> turn off internet access to their entire nation. Soon after, 
> government departments educated themselves about AS numbers and 
> internet routing and started using their power to set up systems that 
> would allow them to order the shutdown of all networks from a central 
> point.
> While some countries only used this ability in the more dire 
> circumstances – riots or terrorist attacks – shutdowns quickly started 
> being used preemptively and for political reasons.
> Bangladesh switched off 
> <https://www.theregister.co.uk/2015/11/18/bangladesh_shuts_down_its_internet_for_an_hour/> 
> its entire country's net connectivity prior to the sentencing of 
> former government leaders for war crimes. Then Iraq started shutting 
> down the entire country for several hours at a time in order to 
> prevent exam cheating 
> <https://www.theregister.co.uk/2016/05/17/iraq_shuts_down_internet_to_prevent_exam_cheating/>.
> While these were enormously frustrating, the shutdown typically lasted 
> only a few hours. But then Cameroon decided to cut off the internet 
> for weeks – and targeted specific communities. The country's southwest 
> and northwest provinces were taken offline following violent protests: 
> a decision that had a hugely damaging impact on its "Silicon Mountain" 
> startup zone, and also took down its banks and ATMs.
> In India, the number and frequency of internet shutdowns has sparked a 
> new protest movement and website <http://internetshutdowns.in/> that 
> tracks them.
> The situation has grown so dire that the United Nations got involved 
> and officially condemned 
> <https://www.theregister.co.uk/2016/07/01/un_officially_condemns_internet_shutdowns/> 
> the practice at a meeting of the Human Rights Council back in July. 
> Despite opposition from a number of countries – including China, 
> Russia, India and Kenya – a resolution passed forbidding mass web 
> blockades.
>       Plan
> The reality, however, is that there is nothing to prevent governments 
> from shutting down the internet and very little anyone can do in the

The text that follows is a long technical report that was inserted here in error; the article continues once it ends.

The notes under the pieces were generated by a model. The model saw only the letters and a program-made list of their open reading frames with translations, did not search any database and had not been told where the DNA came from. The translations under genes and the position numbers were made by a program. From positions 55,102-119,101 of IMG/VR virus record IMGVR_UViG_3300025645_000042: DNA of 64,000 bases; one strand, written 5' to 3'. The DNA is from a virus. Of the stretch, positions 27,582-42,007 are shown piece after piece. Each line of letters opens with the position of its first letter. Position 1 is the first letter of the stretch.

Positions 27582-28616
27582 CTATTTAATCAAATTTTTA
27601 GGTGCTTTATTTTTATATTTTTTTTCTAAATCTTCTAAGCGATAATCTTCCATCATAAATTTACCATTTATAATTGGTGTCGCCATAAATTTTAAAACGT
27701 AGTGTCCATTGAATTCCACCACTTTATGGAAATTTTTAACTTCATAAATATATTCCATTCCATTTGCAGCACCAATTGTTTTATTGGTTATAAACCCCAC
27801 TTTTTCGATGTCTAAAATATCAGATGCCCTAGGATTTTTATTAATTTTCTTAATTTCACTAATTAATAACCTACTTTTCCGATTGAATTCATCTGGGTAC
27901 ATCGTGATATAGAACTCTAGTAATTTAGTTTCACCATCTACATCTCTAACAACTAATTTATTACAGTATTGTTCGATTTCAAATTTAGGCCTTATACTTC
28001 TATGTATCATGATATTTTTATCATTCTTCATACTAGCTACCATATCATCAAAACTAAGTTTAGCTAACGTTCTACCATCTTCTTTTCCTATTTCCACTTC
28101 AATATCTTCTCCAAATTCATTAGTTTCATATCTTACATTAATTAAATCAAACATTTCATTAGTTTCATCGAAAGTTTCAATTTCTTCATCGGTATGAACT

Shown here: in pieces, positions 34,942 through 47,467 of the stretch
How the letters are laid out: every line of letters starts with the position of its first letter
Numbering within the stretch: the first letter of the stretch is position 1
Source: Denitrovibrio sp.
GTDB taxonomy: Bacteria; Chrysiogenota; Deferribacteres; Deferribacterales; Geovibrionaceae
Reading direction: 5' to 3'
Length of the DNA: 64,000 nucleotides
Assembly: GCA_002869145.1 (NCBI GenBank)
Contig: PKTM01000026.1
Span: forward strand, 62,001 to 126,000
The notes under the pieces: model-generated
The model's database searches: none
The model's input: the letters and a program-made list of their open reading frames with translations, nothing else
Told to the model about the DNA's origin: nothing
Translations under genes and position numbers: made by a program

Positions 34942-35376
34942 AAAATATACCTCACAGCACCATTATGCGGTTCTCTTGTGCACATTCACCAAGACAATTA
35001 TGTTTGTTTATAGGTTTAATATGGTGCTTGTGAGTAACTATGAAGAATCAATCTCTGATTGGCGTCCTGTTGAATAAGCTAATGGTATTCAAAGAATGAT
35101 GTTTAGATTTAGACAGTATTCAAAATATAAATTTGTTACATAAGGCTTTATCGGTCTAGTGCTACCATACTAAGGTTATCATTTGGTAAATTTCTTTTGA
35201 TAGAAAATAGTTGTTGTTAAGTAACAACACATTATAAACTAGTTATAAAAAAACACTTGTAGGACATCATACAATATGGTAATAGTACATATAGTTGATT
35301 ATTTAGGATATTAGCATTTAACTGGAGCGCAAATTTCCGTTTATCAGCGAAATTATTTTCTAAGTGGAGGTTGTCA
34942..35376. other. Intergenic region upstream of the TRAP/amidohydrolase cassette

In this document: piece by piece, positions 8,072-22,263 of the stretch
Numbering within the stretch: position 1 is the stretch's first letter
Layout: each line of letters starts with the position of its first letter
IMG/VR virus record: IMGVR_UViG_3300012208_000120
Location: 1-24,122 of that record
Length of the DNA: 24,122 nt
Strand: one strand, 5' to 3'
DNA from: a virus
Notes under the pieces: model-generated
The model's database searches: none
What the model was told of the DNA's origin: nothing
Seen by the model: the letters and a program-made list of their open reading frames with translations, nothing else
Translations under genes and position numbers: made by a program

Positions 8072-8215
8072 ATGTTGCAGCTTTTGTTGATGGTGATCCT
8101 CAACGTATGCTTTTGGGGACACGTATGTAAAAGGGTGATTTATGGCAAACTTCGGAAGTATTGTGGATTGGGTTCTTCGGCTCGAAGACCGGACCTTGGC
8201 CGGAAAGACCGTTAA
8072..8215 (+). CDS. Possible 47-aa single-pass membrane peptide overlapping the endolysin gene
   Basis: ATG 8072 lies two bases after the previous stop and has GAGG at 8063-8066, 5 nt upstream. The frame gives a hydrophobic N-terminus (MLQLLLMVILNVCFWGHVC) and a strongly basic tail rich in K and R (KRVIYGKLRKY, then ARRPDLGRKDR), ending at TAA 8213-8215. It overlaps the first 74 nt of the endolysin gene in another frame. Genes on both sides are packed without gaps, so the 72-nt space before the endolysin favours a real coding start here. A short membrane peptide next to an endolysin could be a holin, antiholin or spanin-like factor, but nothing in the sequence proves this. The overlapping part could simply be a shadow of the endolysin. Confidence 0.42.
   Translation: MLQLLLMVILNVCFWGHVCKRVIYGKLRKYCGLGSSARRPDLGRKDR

> face of a determined push from the authorities.
> But now the techies are fighting back. The Afrinic proposal has been 
> put forward by the CTO and the Head of IP strategy for Liquid 
> Telecommunications – a large pan-African ISP – as well as the CEO of 
> Kenya's main ISP Association. As such it is a proposal that many are 
> taking seriously.
> "While the authors of this policy acknowledge that what is proposed is 
> draconian in nature, we feel that the time has come for action to be 
> taken, rather than just bland statements that have shown to have 
> little or no effect," they wrote, noting that "over the last few years 
> we have seen more and more governments shutting down the free and open 
> access to the internet in order to push political and other agendas."
> Whether governments like it or not, they are reliant on the provision 
> of IP address to expand their networks and digital economy, and 
> Afrinic is the only organization that can realistically provide them. 
> If the policy does get passed, it would almost certainly act as a 
> strong deterrent for government ministers to shutting down internet 
> access.
> But there are a wealth of problems with the idea, not least of which 
> would be the determination of what represents an internet shutdown. 
> The authors put forward a suggested definition:
>     An internet shutdown is deemed to have occurred when it can be
>     proved that there was an attempt, failed or successful, to
>     restrict access to the internet to a segment of the population
>     irrespective of the provider or access medium that they utilize.
> That wording is likely to be very heavily scrutinized. And it would 
> require someone or group to make a determination that it has happened 
> – which would likely become a politically charged decision. And none 
> of that considers the fact that national leaders are unlikely to 
> accept punitive terms being placed against them by a third party.
> In short, it is a huge political headache. But it may also be one that 
> only the internet community is capable to taking on and winning. The 
> next few months will see whether the 'net community in Africa is 
> willing to take on the challenge for the greater good. ®